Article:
The blurb on the back cover says "if Heinlein had grown up reading William Gibson, this is the sort of thing he would have written..." I beg your humble pardon, but Heinlein was a master of his craft, not to be dragged down by comparison with a newly emerged garnet-in-the-rough author who took seven years to complete his first novel. Hendrix begins philosophical maunderings and political digressions within the first twenty pages, long before we've gotten a chance to empathize or identify with his characters, much less have a clue where this senseless display of vain erudition is going.

Finally gave up, only slightly confused and demoralized.

Monday, October 18, 2010

Press Release - Oracle's Legacy by R.B. Holbrook

***I just received this press release today, and I'm waiting on a review copy of the book, so I'll let everyone know my honest opinion of the book as soon as possible.***

Oracle's Legacy: Children of SunR.B. Holbrook Brings Fiery Conclusion to Sci-Fi Trilogy -Oracle's Legacy: Dawn of Illumination Volume Three

North Carolina author R.B. Holbrook announced the release of Dawn of Illumination Volume Three of the epic Oracle's Legacy.

Garner, NC, October 18, 2010 - Oracle's Legacy is an inventive story about a secret civilization known as 'The Structure', which was formed in approximately 6000 BC in order to create its own tiered system of enlightenment for its inhabitants that live alongside humans.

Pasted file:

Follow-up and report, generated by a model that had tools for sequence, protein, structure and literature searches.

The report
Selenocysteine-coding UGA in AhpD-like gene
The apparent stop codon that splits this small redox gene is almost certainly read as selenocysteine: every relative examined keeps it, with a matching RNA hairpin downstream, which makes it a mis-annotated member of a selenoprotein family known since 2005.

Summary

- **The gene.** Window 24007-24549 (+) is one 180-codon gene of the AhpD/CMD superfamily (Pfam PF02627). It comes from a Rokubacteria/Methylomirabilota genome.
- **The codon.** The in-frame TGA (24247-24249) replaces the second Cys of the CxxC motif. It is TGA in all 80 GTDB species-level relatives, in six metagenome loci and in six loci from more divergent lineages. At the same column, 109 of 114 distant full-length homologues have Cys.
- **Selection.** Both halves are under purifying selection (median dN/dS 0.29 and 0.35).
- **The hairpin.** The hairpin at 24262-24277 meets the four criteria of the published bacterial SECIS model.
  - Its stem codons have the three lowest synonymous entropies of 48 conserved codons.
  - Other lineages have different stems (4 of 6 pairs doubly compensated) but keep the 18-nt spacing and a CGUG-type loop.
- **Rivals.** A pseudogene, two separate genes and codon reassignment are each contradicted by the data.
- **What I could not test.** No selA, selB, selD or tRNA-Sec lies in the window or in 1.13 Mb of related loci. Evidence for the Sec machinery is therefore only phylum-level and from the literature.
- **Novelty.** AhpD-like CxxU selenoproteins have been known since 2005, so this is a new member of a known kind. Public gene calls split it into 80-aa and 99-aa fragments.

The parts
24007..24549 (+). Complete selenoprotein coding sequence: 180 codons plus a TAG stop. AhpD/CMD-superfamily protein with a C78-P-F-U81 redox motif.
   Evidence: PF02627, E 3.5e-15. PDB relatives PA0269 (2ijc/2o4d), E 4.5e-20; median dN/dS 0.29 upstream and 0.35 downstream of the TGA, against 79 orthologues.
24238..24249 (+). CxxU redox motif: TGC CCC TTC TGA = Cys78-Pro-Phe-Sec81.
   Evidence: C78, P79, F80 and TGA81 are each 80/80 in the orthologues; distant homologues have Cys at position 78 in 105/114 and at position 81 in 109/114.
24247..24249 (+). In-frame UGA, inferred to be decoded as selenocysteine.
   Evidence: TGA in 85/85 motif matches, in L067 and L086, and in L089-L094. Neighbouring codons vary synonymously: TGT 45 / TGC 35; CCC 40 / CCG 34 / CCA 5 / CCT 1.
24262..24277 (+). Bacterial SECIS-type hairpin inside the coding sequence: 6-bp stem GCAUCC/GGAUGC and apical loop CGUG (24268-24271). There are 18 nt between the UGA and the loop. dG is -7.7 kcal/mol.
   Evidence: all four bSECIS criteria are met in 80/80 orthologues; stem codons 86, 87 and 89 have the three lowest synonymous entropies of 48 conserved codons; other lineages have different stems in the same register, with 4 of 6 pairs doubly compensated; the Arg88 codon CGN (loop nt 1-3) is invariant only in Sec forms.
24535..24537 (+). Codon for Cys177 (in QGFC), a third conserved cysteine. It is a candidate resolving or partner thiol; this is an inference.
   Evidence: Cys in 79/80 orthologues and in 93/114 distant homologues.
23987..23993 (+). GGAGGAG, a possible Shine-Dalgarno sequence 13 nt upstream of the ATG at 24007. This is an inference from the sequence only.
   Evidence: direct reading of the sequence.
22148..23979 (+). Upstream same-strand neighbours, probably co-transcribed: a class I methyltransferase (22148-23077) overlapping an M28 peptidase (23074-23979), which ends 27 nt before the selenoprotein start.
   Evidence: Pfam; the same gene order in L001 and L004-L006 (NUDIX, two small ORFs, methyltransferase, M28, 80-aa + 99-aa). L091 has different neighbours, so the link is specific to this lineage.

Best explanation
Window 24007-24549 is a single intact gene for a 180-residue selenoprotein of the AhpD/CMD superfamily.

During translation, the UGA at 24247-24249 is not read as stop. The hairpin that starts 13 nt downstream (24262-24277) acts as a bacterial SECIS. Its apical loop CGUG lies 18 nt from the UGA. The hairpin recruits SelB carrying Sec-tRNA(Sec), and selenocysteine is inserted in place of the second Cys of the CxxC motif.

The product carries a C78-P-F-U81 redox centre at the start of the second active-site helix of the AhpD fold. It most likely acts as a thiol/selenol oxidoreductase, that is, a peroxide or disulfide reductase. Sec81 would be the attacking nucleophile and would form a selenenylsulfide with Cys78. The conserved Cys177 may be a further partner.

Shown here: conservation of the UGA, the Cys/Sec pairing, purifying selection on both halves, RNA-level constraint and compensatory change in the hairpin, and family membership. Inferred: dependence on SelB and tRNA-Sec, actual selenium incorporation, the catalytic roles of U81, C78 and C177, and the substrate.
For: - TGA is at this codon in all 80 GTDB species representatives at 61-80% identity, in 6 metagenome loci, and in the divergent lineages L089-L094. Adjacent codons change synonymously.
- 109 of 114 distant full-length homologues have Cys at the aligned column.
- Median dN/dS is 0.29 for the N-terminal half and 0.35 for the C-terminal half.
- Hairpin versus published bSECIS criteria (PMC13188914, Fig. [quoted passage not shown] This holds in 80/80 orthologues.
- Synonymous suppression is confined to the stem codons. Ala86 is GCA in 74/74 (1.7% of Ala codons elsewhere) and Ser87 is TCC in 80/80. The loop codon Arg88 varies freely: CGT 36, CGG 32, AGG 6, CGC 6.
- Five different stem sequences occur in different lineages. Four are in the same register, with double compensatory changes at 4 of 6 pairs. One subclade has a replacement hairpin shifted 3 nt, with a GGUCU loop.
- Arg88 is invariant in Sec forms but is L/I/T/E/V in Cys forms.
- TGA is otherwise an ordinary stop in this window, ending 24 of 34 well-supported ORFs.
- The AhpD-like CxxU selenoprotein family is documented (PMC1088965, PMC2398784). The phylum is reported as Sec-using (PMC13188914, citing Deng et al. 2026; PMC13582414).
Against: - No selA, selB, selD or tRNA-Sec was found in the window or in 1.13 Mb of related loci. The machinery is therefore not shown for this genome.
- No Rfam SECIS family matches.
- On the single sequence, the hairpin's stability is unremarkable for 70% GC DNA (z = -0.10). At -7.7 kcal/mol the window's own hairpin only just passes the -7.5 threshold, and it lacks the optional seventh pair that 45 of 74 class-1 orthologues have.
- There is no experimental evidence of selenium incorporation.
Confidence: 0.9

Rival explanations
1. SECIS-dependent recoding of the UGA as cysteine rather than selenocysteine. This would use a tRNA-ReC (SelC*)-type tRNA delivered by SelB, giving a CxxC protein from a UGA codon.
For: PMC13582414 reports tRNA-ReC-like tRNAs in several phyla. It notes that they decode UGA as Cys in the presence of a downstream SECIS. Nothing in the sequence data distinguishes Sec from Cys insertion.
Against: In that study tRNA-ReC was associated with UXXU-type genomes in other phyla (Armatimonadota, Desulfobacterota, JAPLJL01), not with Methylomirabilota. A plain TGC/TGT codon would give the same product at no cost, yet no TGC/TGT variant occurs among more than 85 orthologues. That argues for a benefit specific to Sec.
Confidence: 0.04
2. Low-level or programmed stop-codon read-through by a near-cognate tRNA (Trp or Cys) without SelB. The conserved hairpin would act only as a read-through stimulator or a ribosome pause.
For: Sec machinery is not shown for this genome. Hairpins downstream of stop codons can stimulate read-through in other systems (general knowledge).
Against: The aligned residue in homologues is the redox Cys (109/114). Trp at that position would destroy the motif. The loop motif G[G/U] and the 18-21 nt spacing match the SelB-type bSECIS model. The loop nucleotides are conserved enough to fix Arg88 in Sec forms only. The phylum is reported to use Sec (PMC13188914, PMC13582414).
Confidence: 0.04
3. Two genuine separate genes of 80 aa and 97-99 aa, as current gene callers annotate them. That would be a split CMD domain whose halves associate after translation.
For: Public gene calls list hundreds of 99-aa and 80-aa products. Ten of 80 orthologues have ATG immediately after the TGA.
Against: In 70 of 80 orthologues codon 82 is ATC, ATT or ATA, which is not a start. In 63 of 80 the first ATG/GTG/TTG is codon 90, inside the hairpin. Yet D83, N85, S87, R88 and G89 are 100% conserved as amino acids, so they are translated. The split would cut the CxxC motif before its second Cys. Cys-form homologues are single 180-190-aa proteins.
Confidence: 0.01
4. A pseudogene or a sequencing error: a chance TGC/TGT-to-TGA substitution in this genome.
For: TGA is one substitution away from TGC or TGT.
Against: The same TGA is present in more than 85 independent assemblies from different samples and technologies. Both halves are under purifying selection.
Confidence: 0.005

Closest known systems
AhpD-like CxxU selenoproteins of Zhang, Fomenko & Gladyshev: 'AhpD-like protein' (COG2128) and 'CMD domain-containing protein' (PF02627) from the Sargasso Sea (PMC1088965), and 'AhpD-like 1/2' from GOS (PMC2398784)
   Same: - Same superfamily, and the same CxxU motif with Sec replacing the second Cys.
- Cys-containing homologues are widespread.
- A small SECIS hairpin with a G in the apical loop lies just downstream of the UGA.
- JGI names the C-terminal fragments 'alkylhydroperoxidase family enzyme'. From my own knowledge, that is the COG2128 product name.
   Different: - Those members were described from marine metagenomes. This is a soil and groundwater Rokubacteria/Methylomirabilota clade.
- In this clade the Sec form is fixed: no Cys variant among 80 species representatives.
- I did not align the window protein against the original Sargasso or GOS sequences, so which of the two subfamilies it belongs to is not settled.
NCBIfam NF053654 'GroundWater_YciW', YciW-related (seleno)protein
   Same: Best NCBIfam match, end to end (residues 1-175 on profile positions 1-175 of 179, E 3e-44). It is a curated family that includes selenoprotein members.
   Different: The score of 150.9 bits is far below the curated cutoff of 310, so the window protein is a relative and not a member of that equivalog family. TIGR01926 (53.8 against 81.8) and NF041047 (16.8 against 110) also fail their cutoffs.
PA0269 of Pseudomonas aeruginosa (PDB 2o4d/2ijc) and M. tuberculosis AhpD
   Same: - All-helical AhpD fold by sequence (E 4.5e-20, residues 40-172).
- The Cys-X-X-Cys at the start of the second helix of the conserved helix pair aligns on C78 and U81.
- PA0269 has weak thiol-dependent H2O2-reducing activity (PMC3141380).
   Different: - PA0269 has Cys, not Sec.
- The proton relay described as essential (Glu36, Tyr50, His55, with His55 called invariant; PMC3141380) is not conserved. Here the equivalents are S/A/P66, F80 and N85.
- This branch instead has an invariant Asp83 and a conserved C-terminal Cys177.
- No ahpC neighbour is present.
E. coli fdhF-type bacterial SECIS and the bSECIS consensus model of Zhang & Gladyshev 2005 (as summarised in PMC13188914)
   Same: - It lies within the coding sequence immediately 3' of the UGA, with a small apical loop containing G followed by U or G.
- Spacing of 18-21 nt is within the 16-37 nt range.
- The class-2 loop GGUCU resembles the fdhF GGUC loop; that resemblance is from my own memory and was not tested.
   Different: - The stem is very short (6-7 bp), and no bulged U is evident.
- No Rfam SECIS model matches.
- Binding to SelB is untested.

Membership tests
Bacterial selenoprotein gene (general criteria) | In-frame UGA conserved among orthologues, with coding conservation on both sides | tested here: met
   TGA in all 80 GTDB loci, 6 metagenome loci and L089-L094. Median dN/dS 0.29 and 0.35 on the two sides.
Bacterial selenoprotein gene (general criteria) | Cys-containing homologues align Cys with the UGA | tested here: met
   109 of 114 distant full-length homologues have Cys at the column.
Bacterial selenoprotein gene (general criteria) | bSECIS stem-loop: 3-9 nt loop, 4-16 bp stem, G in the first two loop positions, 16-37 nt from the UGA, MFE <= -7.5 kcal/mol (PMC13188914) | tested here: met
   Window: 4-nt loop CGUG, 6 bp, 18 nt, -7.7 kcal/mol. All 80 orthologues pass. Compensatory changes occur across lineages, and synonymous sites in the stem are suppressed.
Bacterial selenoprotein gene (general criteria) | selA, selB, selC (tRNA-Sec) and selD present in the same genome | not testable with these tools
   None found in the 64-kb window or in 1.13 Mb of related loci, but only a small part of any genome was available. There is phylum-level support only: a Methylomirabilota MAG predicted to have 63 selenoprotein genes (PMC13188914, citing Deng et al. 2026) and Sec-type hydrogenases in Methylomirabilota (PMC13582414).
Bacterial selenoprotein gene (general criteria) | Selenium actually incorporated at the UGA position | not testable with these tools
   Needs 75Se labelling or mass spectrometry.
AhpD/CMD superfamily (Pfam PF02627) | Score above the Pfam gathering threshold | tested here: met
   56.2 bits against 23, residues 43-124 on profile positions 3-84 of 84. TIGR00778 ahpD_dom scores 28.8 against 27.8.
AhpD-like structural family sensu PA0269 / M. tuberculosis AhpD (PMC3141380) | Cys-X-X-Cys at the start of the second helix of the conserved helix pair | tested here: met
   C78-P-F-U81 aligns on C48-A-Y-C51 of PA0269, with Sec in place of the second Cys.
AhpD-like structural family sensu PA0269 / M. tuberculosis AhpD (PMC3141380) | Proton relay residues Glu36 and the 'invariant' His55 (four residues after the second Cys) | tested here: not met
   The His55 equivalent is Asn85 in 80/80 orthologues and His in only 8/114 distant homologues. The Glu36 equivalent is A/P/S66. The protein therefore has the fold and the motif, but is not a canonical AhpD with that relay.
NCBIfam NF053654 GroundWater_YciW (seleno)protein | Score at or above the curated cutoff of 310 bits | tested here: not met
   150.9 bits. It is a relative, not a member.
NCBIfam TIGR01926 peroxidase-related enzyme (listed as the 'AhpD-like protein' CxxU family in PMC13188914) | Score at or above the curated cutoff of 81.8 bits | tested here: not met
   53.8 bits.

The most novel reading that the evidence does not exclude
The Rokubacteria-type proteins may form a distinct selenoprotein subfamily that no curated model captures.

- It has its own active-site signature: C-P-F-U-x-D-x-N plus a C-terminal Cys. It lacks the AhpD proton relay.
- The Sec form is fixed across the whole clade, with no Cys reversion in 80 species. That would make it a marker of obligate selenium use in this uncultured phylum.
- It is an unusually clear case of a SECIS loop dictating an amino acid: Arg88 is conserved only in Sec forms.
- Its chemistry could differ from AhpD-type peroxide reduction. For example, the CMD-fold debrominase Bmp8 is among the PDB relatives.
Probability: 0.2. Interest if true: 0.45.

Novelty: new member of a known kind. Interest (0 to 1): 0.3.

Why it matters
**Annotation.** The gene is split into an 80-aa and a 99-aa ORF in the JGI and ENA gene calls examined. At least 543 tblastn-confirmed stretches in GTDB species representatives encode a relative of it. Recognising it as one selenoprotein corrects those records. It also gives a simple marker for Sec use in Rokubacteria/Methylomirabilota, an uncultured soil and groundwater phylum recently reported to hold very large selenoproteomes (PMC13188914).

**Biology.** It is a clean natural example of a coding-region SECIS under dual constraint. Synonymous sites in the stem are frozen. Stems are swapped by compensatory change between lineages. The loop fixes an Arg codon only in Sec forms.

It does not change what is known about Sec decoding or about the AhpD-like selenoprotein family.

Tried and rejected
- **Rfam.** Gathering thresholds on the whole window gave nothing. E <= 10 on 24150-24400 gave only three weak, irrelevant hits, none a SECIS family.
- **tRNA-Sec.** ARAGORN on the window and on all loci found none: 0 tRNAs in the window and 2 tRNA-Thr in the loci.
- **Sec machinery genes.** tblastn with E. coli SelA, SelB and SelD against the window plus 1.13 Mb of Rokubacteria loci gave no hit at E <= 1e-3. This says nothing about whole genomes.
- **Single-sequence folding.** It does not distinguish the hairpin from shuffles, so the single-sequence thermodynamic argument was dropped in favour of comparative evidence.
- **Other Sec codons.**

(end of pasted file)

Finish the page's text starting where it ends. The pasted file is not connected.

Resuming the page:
The Structure's society is comprised of seven Houses that chase after enlightenment by achieving various levels of growth in a disclosed attempt to understand the nature of energy in modern day times. Unique tattoo-like 'energy seals' display each level as citizens face life challenges, battles, death and re-embodiment.

Andrew Ian Dodge, celebrated science fiction author of The Gathering Dark and other tales: A Sage of Wales Collection and other literary works said, ""If you are the type who likes your novels complicated and multi-layered then this would be apt for you...the patience will be rewarded."

Oracle's Legacy: Dawn of Illumination brings the trilogy to a fiery conclusion as the book opens with Ollie and Creed storming a Moon facility ultimately destroying the base. During their constant fight with Moon, Ollie loses control of her powers causing massive destruction to everything around her.

The only one who can stop her is Augustus Granger. Granger plays a key role as Ollie's love interest and has a world to organize before Moon or the Pillars destroy it. Ollie experiences weakness and enlightenment as she battles throughout the book to take down Moon and the Pillars to help protect the world.